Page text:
2. Belief that does not rest on logical proof or material evidence. ....

be·lief –noun (American Heritage Dictionary 2009)
...

2. Mental acceptance of and conviction in the truth, actuality, or validity of something. ...
3. Something believed or accepted as true. ....

That you are convinced of the validity of your belief does not mean that your faith in your beliefs is based on science, evidence or logic.

Some additional points regarding your comments:

We can also see that there has been no scientific verification of the actual existence of a single individual such being of any type or genre.

Curiously, I have yet to see scientific verification that a "single individual such being of any type or genre" has been demonstrated to be entirely a product of human imagination.

To me that says that neither position has been adequately demonstrated at this point, and that the logical (agnostic\skeptical\default) position is that we still don't know the answer to whether god/s exist or not.

Magical beings. Observing these, we can see that there are many thousands of such beings that are or have been believed in in the world's many different cultures, and others that we seem to invent largely for amusement.

I'm not sure I would use the word "amusement" in the context of religions, however I will note that we can (and have) observed that humans do like to embellish stories over time, so that over time the stories evolve. Fanciful elements are added as time passes, thus the existence of some fanciful elements in a story does not mean that the original story was fanciful or made up. IOW you need to demonstrate more than just some fanciful elements in order to properly conclude that a story is made up from human imagination, you need to demonstrate that all supernatural elements are made up, especially ones about supernatural beings, to support your concept.

Factual elements can also be lost, especially when knowledge and understanding is incomplete (for example, creationist explanations of evolution).

Examples of this are seen when different groups of supernatural beings in different numbers and of different descriptions and different supposed origins are credited with the same action, like creating the first human beings.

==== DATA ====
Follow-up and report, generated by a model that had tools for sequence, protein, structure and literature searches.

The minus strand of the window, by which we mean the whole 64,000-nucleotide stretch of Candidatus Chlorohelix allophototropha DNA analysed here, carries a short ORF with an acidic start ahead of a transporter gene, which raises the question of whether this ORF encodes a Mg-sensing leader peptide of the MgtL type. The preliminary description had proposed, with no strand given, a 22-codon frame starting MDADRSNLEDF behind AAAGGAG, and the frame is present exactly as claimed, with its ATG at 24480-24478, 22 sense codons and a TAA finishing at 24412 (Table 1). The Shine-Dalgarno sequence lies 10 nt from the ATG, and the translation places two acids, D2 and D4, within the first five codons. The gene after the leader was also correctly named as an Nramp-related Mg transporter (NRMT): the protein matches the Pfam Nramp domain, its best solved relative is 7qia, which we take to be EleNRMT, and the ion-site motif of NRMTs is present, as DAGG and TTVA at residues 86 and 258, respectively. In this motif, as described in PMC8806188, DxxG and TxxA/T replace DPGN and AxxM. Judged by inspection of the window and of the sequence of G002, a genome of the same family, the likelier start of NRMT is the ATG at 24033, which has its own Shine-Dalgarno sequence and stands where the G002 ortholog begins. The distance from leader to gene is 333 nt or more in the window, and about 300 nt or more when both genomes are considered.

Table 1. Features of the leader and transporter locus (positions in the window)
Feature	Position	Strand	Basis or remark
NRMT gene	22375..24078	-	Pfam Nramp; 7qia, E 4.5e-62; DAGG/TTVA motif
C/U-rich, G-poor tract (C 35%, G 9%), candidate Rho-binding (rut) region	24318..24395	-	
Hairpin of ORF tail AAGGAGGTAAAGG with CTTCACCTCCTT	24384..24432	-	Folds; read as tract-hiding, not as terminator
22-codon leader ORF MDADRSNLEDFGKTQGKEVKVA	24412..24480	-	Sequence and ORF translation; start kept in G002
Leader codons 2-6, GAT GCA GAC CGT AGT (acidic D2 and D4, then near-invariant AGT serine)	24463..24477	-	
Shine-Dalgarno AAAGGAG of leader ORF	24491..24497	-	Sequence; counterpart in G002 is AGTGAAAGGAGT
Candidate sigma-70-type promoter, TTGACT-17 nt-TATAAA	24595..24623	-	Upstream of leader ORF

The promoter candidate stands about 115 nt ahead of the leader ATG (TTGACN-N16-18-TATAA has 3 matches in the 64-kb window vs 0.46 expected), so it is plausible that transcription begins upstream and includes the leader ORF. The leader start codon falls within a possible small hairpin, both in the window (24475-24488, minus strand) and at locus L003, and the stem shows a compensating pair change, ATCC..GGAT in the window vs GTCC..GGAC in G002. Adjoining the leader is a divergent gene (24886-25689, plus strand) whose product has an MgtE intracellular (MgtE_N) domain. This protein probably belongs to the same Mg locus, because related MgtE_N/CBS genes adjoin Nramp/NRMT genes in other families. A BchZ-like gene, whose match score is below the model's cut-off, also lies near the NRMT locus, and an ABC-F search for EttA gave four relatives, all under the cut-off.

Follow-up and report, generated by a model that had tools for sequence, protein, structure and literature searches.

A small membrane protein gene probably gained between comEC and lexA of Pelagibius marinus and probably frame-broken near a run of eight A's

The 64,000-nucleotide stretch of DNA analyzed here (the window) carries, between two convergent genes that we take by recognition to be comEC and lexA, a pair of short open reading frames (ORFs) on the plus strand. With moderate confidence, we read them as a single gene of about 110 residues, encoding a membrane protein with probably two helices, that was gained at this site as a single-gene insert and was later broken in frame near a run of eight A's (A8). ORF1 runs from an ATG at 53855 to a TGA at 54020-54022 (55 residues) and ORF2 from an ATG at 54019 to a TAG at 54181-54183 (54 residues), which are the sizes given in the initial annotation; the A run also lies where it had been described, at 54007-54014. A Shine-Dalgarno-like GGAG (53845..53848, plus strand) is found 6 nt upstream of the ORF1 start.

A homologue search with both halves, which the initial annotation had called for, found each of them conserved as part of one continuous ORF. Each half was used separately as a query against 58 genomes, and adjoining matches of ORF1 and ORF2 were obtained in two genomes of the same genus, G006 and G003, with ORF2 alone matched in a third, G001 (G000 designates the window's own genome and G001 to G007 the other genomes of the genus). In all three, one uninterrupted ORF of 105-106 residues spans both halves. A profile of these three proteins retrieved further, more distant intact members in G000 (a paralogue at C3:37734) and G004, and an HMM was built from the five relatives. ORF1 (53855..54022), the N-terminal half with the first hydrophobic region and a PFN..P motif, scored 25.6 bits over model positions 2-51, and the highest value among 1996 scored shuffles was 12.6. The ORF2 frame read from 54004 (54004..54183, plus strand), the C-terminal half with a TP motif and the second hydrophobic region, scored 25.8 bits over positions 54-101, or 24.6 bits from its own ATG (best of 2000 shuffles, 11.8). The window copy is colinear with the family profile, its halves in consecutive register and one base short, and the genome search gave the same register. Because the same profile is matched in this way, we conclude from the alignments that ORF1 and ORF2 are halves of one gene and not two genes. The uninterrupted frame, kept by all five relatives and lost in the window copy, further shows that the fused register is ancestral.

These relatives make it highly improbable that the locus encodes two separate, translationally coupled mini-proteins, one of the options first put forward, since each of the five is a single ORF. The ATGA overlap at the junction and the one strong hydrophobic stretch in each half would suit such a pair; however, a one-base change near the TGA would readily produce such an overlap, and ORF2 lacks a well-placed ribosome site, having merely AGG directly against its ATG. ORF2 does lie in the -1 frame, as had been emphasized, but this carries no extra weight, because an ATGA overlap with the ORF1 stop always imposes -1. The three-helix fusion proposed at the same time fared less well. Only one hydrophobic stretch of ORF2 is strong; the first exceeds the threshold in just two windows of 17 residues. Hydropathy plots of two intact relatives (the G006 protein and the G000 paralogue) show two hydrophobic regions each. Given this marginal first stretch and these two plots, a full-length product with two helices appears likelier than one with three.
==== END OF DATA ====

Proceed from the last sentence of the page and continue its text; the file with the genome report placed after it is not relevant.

As noted previously, the Hindu Hypothesis explains these apparent differences as either allegorical elements or as different aspects of the same universal truths. For example, the creation of humans from dust, tree trunks or balls of organic matter, can all be seen as allegorical descriptions, of abiogenesis, of the division of the tree of life, and the diversification of species from original organic matter (single cell life forms?).

Likewise, the different descriptions of the god/s involved are descriptions of different aspects of a being (or beings) not fully understood by any one description.

In previous posts (Message 25 and Message 34), I have pointed out several valid reasons for considering the stories should not be considered as absolute truths, while still able to convey the universal truths involved, especially when taken all together, rather than individually.

quote:
There are many good reasons why the creation stories can be taken as allegorical:

  1. Many people in many religions
    1. state that they believe them to be allegorical and
    2. believe that god/s created the earth, universe, life, etc.

  2. The language used in the stories is language common to metaphor and analogy (see (2) below), rather than to scientific explanations,
  3. Dreams and visions are
    1. commonly taken to be symbolic rather than factual experiences, AND
    2. commonly considered to carry some valid meaning (when interpreted), AND
    3. there are recorded instances of dreamed concepts being found to be true.

  4. Metaphor and analogy are a common way to teach children, especially when concepts are beyond their (current) ability to understand (or you do not want to go into greater detail at the time). The "birds and the bees" for example.
  5. Any god/s involved in the vision\dream\explanation\etc may not have been directly involved in the creation, and thus not fully able themselves to explain it.
  6. It is unlikely that humans, especially humans several thousand years ago
    1. would be able to understand a scientific explanation of the actual creation process/es used by god/s, so
    2. god/s likely treated them the way we treat children, and
    3. tailored the specific story for the specific person, or
    4. did not give a complete explanation, and
    5. even then were likely to be misunderstood, because

  7. human understanding of the actual creation process/es would require competence in that field, a competence that is currently lacking in the world today (or we could create universes).